Keeping yourself fit and healthy by way of exercise and a well-balanced diet, and steering clear of nasties such as smoking and drinking excessive amounts of alcohol are key to living longer, or so the theory goes. But for all our efforts to keep our body in the best possible condition, there is one condition that can get you anyway: sudden cardiac arrest.
Sudden cardiac arrest (SCA) is, according to the U.S. Department of Health & Human Services, a “condition in which the heart suddenly and unexpectedly stops beating. If this happens, blood stops flowing to the brain and other vital organs.”
“SCA usually causes death if not treated within minutes.”
If you think it only affects unhealthy people and those who gorge themselves on junk food, think again. Australia’s ABC recently reported on the story of Bryan Maris, a healthy 31-year old Australian male who died in sleep after suffering a SCA.
While the story was published just a few days ago, he actually died six years ago, however to this day “his family still does not know what caused it.”
Bryan’s wife Jessica recalls “[climbing into bed] beside Bryan and I lay beside him and he wasn’t responding, and that’s when I realised something wasn’t ok.”
“He was completely healthy. He raced A-Grade cycling, he was super fit, super athletic, just a really happy smiley person and wonderful person.”
Records show that sudden cardiac arrest is, in fact, one of Australia’s biggest killers of those under 50, with the ABC adding some 20,000 Australians are affected by it. Less than 10 per cent of these survive. What is perhaps more troubling is that, in many cases, doctors are still puzzled as to what actually causes sudden cardiac arrest to occur.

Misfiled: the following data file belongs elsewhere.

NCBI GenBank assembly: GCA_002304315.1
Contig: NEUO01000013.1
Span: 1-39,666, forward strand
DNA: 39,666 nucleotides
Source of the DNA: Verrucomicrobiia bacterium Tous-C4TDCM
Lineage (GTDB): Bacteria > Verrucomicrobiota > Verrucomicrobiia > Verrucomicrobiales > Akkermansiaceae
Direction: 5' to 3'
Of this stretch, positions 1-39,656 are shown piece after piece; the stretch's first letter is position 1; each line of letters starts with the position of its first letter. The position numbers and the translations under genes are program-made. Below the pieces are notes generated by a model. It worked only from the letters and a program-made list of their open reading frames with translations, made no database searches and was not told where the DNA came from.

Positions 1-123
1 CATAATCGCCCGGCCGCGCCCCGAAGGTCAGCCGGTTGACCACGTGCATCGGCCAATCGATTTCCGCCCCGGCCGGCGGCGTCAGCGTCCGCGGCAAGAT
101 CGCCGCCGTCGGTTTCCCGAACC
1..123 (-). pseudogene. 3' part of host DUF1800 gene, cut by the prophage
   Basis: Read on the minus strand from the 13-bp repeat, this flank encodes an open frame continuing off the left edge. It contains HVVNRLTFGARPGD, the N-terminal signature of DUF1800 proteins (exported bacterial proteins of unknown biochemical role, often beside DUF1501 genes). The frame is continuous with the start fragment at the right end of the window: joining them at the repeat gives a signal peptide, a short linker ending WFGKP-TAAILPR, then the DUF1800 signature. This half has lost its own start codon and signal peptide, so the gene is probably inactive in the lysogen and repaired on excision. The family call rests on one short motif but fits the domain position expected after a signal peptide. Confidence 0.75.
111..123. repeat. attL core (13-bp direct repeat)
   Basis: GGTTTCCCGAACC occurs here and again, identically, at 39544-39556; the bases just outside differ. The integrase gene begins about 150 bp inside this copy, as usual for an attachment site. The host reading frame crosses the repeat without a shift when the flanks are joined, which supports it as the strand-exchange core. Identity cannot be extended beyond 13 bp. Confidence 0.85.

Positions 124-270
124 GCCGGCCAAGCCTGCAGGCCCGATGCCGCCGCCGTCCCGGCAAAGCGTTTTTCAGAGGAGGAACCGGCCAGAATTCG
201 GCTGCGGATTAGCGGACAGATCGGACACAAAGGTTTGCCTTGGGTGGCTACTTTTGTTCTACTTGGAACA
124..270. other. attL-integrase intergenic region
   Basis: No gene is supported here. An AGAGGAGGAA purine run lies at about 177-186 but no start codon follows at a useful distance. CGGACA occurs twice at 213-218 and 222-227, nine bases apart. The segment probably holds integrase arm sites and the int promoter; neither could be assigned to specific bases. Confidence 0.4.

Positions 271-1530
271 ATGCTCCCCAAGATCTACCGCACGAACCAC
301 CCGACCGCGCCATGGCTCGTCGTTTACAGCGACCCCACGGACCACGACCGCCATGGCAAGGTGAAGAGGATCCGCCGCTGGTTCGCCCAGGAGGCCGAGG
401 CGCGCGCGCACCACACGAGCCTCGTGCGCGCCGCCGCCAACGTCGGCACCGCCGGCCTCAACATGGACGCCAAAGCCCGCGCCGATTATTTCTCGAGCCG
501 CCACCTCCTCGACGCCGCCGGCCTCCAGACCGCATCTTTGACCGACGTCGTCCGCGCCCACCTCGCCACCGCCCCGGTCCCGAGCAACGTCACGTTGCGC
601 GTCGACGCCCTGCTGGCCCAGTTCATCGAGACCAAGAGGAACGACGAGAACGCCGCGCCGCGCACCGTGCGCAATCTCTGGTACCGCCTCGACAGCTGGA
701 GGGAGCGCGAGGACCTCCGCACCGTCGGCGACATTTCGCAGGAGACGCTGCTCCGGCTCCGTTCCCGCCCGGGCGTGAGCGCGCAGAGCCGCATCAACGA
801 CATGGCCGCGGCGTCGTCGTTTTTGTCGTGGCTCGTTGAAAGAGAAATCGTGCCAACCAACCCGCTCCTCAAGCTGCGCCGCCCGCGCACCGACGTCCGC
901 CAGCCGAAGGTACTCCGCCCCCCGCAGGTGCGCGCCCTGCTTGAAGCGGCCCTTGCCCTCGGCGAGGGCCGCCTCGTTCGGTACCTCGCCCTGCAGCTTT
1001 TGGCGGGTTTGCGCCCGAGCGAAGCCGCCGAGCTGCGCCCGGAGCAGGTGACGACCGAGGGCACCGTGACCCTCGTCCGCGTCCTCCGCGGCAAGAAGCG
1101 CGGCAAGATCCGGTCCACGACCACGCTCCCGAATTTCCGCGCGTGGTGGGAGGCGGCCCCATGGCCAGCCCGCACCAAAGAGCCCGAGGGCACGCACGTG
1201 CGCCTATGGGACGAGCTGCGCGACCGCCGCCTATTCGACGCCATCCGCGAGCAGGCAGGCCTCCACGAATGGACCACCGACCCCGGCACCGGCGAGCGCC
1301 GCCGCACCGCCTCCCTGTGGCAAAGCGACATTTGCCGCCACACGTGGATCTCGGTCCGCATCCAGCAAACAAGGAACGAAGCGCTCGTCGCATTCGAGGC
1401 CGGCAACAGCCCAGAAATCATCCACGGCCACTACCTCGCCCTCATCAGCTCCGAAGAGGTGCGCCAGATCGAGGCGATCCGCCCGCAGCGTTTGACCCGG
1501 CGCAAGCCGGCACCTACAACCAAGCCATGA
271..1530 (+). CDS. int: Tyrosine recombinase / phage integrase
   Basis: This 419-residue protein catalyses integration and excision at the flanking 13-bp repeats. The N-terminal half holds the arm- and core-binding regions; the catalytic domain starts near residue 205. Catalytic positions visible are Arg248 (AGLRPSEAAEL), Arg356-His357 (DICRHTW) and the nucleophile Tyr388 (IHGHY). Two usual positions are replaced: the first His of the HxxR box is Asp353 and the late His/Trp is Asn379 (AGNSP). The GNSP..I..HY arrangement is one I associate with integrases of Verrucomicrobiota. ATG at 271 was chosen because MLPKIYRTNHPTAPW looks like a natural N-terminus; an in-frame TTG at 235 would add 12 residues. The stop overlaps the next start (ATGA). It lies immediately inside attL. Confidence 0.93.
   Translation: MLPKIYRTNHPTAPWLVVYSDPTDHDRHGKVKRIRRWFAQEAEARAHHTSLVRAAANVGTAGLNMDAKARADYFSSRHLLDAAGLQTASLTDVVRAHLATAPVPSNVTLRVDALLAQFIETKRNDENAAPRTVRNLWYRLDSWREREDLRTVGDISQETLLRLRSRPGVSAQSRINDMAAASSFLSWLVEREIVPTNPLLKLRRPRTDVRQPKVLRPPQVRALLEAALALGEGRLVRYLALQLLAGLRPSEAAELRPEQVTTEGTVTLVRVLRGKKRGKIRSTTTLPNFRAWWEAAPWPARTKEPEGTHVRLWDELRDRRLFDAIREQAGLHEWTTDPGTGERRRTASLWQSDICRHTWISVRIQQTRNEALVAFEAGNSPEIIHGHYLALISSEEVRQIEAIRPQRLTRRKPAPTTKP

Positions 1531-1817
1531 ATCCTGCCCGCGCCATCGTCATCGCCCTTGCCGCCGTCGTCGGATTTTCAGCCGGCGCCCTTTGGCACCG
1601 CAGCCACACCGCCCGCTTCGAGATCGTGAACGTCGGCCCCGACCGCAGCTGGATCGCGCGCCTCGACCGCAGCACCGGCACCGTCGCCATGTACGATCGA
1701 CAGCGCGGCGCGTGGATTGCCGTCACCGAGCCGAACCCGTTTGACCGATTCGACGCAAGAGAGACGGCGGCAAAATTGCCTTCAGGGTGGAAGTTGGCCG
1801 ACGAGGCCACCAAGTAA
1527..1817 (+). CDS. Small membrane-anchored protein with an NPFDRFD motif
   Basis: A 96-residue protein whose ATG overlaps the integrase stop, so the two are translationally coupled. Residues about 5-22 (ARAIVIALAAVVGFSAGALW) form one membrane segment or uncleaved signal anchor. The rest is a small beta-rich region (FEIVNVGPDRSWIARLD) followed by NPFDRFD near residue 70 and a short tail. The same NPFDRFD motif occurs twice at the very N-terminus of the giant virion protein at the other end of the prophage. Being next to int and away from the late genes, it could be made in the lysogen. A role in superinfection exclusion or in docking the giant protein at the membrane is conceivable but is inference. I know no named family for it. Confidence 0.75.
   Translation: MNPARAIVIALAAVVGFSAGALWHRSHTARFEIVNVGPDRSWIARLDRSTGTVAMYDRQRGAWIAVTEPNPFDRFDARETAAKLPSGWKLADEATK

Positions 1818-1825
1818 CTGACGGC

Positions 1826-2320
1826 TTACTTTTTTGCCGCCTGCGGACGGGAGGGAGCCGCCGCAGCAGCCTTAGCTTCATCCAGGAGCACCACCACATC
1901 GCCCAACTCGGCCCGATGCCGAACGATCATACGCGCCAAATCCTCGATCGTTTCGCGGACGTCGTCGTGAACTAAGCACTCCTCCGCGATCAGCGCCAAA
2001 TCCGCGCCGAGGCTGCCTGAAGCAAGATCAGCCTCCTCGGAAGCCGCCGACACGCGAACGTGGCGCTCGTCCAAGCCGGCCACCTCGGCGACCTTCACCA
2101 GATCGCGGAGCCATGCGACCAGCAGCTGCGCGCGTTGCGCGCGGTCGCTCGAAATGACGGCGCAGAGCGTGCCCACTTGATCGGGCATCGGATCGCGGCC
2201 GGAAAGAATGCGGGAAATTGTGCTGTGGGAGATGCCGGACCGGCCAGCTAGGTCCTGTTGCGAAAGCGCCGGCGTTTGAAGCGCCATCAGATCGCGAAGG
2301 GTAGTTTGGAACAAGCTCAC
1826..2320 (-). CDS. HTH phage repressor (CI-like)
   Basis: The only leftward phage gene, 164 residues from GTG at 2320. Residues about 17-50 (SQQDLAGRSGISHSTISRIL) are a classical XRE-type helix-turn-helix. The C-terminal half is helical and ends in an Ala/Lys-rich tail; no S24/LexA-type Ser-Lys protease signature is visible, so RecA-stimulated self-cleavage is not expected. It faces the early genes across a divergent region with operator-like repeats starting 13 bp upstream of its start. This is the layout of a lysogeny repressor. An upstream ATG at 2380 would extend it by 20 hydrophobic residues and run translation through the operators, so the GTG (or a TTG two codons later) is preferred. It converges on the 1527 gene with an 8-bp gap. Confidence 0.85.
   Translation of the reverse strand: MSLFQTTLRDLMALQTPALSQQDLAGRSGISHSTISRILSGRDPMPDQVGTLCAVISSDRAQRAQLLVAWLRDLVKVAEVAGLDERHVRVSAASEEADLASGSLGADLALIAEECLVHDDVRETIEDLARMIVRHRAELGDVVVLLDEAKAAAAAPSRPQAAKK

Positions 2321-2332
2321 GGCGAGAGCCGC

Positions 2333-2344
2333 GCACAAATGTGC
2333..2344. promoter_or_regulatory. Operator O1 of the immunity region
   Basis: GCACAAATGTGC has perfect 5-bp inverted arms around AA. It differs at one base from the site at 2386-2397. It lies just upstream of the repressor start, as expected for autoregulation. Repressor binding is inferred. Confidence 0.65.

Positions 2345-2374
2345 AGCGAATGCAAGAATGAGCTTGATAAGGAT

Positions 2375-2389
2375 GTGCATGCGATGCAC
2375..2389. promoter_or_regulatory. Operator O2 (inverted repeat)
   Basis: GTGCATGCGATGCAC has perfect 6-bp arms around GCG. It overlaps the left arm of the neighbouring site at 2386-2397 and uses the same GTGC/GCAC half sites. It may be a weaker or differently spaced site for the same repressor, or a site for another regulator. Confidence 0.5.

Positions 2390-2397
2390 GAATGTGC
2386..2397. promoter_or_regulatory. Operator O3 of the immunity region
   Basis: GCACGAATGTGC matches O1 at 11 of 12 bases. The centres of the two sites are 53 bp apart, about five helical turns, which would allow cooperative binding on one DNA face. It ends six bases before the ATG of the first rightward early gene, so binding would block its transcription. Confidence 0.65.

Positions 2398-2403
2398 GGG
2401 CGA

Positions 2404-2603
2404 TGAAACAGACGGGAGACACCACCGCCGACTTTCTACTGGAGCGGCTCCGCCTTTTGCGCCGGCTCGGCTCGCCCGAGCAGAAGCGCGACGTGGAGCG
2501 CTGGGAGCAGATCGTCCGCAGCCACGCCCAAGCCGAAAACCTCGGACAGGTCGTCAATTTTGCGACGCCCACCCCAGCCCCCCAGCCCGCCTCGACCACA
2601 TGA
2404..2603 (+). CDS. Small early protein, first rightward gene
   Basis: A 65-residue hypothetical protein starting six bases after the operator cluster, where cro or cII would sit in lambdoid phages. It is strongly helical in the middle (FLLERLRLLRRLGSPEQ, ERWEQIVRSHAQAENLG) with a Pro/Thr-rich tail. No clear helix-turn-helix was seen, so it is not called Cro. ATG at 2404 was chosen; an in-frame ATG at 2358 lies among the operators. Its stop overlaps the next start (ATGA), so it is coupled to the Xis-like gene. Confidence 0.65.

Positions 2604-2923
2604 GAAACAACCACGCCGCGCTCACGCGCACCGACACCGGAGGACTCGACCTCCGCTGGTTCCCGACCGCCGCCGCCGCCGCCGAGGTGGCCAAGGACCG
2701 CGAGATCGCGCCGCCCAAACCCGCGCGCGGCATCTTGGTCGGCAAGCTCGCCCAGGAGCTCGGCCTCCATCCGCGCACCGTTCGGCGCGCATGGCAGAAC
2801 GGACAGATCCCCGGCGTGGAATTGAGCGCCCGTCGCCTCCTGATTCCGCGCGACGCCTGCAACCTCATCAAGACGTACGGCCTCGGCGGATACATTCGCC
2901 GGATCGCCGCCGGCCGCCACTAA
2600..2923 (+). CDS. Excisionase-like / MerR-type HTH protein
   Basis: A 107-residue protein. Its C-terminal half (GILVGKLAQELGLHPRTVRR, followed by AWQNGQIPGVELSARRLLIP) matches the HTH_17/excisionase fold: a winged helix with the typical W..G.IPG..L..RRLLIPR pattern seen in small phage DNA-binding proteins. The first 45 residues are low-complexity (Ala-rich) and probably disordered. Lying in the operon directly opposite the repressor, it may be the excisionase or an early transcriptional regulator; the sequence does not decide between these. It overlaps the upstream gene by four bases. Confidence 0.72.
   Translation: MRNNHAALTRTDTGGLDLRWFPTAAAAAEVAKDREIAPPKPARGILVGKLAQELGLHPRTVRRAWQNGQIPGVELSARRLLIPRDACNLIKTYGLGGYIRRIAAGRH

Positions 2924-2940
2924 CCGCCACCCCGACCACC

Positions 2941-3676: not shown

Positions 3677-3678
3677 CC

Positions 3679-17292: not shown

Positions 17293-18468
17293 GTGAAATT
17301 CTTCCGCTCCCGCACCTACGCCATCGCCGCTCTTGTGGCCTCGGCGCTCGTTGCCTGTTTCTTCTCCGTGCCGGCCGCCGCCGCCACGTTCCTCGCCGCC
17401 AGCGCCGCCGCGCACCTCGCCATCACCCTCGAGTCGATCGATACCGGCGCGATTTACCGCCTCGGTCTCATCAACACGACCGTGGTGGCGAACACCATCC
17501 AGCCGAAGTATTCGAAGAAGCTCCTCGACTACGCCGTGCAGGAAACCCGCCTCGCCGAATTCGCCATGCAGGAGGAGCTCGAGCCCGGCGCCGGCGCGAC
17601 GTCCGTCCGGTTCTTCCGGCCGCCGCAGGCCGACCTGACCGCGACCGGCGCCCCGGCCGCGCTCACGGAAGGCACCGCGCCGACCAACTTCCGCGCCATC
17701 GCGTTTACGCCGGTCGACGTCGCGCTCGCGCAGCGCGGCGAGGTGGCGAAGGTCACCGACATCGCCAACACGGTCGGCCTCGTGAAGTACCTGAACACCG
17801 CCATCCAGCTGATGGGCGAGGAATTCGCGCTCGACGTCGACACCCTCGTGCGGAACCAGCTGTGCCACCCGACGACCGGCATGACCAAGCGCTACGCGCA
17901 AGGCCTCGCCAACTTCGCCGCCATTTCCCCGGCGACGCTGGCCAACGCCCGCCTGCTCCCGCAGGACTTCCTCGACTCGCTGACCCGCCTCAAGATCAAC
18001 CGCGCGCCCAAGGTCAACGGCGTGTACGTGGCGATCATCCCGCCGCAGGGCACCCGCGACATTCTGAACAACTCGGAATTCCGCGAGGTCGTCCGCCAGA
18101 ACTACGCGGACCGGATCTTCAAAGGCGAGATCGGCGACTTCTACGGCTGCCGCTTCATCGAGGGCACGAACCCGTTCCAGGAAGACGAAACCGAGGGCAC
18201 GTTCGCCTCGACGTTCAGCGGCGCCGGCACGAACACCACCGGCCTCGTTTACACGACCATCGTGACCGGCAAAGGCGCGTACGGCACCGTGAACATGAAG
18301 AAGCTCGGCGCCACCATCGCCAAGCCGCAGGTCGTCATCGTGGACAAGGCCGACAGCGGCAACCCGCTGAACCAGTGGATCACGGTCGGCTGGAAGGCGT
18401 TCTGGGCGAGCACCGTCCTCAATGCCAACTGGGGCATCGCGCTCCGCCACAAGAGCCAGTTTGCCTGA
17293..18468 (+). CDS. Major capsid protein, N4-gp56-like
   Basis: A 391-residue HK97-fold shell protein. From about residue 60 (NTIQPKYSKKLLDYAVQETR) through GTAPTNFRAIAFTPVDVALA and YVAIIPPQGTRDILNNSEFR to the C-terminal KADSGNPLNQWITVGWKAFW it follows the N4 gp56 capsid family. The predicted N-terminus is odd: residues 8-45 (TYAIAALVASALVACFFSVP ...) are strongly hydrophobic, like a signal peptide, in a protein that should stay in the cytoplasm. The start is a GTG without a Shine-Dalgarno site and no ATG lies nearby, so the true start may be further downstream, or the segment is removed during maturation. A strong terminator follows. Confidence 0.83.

It’s not to say all cases are unexplained, with some being linked to heart attacks or heart muscle problems, but in general, their cause is unexplained. It’s with this in mind that many doctors claim more investment is needed for researching, says the ABC.
Some previous studies into the condition have been able to work out how much money is lost in productivity. A Baker Institute study examined 4,637 cases of SCA in Victoria between 2017 and 2018, only 695 of these survived and made it to hospital, but only 325 survived long enough to be discharged.
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Researchers were able to determine how many of these people were working at the time they suffered their SCA, and ultimately found a loss in GDP of around $100,000 per person. Times that by the 20,000 or so people who suffer from SCAs each year and you have around $2 billion lost in total.
The U.S. Department of Health & Human Services adds one of the most effective ways of saving the life of someone who is having a sudden cardiac arrest is to use a defibrillator (although this has to be used within moments of the SCA occurring). “Automated external defibrillators (AEDs) can be used by bystanders to save the lives of people who are having SCA. These portable devices are found in public places such as shopping malls, golf courses, airports, hotels, sports venues and schools.”
The use of hands-only CPR can also be extremely effective and double or triple somebody’s chance of survival. So if you ever get the chance to learn how to do it properly, we thoroughly recommend you do.